Today (I don't know historically, but probably similar), Zurich has about twice as many people as Geneva. And again, Geneva had (IIRC) about 9-10 times as many figures as Zurich in Murray's count, in the 1800-1950 period.

  6. It's also an obscuring mistake to restrict "Germans" to Scandinavia, Germany, Austria and Switzerland.

    Central and northern Italy have been Germanic since the fall of Rome / Migration Period, first the Goths for a bit, then the Langobards for a longer while, then finally the Franks.

    Before Roman influence, there was a heavy Celtic presence. The other main source being the non-IE Etruscans.

    Who's going to tell us that Italians from the central and northern part aren't playful and imaginative?

  7. "Without Europe - in fact without a small part of Europe - the rest of the world would be thousands, if not tens of thousands, of years in the past."
    Throughout most of history, China was the most advanced civilization. They certainly fell behind during the industrial revolution's "Great Divergence", but not by "thousands" of years.

  8. According to McEvedy and Jones, in 1700 the area within the modern borders of the Netherlands had 2 million people, Sweden had 1.5 million, Norway 0.6 million, Scotland 1 million.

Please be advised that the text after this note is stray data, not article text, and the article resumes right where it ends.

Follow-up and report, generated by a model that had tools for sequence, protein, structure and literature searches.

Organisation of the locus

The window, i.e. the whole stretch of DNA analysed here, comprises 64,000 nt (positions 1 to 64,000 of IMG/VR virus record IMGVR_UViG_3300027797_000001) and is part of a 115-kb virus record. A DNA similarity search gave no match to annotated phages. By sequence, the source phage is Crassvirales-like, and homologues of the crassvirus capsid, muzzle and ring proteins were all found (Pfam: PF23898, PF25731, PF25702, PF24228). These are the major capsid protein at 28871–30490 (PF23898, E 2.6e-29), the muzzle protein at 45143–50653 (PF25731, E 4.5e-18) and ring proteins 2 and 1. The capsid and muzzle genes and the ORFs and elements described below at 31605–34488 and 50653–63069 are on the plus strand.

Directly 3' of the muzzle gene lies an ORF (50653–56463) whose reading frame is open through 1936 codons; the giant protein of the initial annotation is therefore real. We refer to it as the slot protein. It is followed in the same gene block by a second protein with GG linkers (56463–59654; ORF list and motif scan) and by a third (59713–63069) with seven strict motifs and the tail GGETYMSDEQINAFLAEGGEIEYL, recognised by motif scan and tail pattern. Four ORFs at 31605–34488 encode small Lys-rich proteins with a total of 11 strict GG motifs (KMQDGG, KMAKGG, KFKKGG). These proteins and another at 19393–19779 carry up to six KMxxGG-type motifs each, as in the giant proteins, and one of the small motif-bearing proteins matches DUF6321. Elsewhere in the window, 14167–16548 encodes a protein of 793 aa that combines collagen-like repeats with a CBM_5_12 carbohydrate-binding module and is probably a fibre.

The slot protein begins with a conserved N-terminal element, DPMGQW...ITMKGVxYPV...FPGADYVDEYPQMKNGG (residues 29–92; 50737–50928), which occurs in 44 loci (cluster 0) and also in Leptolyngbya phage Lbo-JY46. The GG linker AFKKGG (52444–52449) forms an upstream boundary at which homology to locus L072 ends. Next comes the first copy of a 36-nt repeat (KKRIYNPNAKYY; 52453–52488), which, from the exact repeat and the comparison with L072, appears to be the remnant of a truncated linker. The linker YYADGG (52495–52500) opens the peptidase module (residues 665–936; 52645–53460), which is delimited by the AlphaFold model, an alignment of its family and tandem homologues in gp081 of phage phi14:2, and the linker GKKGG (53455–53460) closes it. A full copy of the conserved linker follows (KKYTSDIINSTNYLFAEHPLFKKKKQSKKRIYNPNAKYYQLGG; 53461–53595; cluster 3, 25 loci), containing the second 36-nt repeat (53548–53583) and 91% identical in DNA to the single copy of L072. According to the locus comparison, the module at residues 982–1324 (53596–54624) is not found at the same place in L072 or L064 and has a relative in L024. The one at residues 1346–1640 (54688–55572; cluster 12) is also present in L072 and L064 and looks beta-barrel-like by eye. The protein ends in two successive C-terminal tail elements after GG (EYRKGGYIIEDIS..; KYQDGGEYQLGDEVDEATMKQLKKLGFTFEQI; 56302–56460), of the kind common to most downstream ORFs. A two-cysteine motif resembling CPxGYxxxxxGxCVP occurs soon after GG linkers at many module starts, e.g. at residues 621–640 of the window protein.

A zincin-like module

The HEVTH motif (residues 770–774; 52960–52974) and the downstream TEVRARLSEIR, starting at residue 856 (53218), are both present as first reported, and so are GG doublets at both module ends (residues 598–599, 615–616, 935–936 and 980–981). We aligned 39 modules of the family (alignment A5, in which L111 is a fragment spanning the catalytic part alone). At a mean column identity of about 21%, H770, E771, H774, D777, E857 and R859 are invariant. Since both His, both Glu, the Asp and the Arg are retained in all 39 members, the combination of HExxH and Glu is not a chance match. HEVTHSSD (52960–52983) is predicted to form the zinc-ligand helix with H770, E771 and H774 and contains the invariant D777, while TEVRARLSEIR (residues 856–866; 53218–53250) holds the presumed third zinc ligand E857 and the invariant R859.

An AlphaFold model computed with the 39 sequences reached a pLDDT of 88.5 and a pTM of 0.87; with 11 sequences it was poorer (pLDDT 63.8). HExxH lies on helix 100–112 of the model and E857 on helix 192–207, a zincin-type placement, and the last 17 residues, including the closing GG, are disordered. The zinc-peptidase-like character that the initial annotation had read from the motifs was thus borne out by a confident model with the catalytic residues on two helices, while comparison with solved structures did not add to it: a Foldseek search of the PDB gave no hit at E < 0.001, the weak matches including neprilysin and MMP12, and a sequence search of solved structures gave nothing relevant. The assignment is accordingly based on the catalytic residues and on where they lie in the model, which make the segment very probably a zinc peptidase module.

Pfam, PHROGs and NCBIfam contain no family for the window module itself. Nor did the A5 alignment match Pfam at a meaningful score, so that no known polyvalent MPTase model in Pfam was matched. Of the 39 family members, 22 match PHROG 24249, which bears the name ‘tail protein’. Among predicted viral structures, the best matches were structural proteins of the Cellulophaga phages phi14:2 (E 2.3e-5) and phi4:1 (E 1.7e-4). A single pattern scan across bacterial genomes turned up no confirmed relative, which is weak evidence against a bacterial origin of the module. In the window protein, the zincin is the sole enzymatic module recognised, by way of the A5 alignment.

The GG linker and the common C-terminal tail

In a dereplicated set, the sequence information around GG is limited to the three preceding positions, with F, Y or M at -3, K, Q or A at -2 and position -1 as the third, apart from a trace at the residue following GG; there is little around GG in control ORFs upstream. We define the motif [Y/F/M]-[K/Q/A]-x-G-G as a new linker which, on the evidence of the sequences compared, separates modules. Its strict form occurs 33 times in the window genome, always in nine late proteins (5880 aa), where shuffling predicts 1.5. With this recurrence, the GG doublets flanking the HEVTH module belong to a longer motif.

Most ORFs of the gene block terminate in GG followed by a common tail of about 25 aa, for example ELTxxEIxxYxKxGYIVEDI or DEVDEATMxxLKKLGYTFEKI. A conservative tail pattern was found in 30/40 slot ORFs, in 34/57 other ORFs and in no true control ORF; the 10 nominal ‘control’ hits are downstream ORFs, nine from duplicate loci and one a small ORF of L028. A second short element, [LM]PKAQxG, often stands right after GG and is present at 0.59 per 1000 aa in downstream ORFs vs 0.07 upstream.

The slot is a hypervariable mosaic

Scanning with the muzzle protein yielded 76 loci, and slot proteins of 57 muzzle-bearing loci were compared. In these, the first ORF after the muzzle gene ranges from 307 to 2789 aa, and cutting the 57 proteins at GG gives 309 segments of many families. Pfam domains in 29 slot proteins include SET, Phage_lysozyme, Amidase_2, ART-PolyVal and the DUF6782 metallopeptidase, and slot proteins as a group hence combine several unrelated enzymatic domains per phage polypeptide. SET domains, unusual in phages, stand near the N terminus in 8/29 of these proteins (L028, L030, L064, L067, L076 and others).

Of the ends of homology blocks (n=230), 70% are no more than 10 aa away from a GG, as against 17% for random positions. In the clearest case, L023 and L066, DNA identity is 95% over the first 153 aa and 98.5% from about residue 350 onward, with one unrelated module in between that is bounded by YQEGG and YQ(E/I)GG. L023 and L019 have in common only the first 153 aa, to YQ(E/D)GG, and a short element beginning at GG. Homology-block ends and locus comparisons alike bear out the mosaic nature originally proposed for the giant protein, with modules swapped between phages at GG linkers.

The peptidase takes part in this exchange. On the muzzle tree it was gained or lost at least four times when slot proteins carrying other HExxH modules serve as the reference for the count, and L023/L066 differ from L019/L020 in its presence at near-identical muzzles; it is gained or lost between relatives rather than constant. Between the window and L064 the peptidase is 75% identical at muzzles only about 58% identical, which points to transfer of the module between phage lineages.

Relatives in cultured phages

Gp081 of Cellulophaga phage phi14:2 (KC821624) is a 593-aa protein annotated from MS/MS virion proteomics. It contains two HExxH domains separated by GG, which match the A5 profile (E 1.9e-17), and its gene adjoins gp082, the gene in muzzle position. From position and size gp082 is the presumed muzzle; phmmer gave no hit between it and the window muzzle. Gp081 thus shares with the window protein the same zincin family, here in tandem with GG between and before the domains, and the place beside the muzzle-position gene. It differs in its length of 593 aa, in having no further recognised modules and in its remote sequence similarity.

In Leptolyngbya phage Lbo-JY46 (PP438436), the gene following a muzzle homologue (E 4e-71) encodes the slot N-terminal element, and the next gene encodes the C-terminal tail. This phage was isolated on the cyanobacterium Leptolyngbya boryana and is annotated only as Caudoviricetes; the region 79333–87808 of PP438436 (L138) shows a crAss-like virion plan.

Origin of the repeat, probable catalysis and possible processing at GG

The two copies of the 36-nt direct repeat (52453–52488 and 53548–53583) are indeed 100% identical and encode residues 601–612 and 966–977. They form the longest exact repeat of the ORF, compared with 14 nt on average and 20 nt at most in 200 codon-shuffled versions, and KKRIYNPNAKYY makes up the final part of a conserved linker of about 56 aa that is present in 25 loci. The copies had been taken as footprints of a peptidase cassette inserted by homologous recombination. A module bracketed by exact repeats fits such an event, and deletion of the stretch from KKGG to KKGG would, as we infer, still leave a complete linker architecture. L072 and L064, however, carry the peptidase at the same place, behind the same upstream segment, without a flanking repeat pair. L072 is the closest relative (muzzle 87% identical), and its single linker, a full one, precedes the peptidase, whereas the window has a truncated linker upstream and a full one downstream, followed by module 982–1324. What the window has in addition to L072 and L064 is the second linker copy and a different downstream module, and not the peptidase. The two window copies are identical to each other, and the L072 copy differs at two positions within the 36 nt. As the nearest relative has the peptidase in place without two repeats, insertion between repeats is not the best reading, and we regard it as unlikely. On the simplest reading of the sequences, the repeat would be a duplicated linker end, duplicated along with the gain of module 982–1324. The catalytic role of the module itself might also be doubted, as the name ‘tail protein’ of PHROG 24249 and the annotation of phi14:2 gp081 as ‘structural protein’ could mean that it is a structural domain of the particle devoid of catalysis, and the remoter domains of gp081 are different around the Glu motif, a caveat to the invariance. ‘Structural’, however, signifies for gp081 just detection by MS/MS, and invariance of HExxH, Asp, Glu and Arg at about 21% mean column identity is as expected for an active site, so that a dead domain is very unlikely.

I'm sure the Dutch beat the Swedes per capita, but they also must have beaten the European average by a very large margin. I suspect that Scandinavians beat the European per capita achievement average, but by a smaller margin than the Dutch.

    Maybe the word playful is a little ambiguous or fuzzy. I guess it makes sense to try to make finer distinctions. As I see it, Germans are responsible, earnest, disciplined, humorless and romantic. The English are responsible, earnest, disciplined, very fond of humor and find romanticism ridiculous. Romanticism is actually one of the things they like to laugh at. The English are serious on the inside, but think that one shouldn't outwardly appear to be serious. I don't think Germans have a problem with outwardly appearing to be serious. Scandinavians are earnest, responsible, disciplined, but do they find romanticism ridiculous? I actually don't know.

    Earnestness, responsibility and the quality of being disciplined peak in Scandinavia, Finland, Germany, the Low Countries and England. As one moves away from that contiguous area in any direction, those three qualities fall off.